Subject: Re: Why typing?
From: Erik Naggum <>
Date: 1995/09/25
Message-ID: <>

[R.S. Nikhil]

|   Yes, in Lisp you cannot mis-apply a primitive but, for me, safety also
|   implies never mis-applying user-defined functions.  Without this
|   guarantee, I'd be hard-pressed to concede that Lisp is a type-safe
|   language.

this doesn't make sense.

|   To take a specific example: if a point in space is represented as a
|   pair of numbers, then the typical Lisp function that selects the
|   x-coordinate:
|       (define (x-coord  pt)  (car  pt))
|   will happily work with any list I give it, whereas in most statically
|   typed languages, this mis-application is caught during type-checking.

sorry, you're seriously confused.  first of all, the above code is Scheme,
not Lisp.  second, if you use a primitive type to implement a higher-level
type and you don't tell the type system, you get exactly the same kind of
behavior in statically typed languages.  the clue you missed is that you
have to tell the type system what you think.  in the case of Common Lisp,
you use structures or classes, which become new types, which you can
properly declare.  (it is not Lisp's fault that Scheme lacks structures and
classes.  credit where credit is due, and blame where blame is due.)

|   The fact that Lisp has a ``safety-net'' (not present in C and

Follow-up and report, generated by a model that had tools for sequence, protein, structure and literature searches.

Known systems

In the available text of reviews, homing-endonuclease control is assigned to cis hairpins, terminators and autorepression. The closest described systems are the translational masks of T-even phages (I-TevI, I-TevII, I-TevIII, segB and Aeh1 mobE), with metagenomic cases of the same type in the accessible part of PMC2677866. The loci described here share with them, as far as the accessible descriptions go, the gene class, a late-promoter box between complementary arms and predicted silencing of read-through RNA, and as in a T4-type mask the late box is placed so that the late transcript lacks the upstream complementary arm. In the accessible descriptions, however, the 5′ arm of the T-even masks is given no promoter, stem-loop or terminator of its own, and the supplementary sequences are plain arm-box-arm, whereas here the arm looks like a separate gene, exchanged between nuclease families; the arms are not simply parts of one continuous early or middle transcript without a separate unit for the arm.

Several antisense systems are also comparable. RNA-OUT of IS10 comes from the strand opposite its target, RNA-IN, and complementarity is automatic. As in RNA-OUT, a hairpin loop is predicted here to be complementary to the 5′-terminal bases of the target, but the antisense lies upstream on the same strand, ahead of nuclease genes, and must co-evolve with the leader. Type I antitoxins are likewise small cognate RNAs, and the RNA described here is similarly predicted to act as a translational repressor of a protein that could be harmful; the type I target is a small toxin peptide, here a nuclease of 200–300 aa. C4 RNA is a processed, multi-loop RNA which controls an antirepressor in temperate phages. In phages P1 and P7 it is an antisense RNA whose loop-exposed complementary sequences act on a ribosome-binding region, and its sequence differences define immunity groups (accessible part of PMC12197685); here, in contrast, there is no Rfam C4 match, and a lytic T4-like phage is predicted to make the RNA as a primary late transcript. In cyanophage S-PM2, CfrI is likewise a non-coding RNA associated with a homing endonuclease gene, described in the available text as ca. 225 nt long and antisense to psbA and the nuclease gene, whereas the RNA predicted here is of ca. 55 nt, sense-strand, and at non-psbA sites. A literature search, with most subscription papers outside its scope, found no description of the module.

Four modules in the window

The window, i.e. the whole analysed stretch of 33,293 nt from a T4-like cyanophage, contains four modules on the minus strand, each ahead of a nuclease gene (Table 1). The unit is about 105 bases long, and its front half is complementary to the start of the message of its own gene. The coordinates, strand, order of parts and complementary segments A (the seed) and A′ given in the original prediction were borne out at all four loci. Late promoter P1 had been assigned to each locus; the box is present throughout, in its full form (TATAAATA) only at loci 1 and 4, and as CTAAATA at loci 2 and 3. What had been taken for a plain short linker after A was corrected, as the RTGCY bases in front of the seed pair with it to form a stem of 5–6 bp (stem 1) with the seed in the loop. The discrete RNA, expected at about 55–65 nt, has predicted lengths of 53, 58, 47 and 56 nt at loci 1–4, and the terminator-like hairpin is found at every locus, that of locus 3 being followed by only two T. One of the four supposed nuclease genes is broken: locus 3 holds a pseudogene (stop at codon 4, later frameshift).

|   assembler) in that primitives are never mis-applied, is very useful and
|   nice, but I still wouldn't call it a type-safe language.

that's because you have misunderstood Lisp's safety-net, confuse Scheme
with Lisp, and generally talk more than you should.

|   [Some may claim that my X-COORD reflects bad style: that I should have
|   used an explicitly tagged data structure for points and checked the tag
|   in X-COORD.  Fine; I can, and do, write such type-safe programs in
|   Lisp, and so can I, in C and assembler; but the LANGUAGE isn't
|   type-safe.]

yes, it's bad style, but not for the reason you think.  the problem is that
_you_ aren't type-safe, because you have used the "Lisp" ambiguously.  Lisp
is a class of languages, not a single language.  properties of one of the
instances of that class are not necessarily properties of all instances,
nor of the class.

I strongly suspect you refer to Scheme, and not necessarily a functionally
useful implementation of Scheme, either.

#<Erik 3021035978>
tea, earl grey, industrial strength, hot.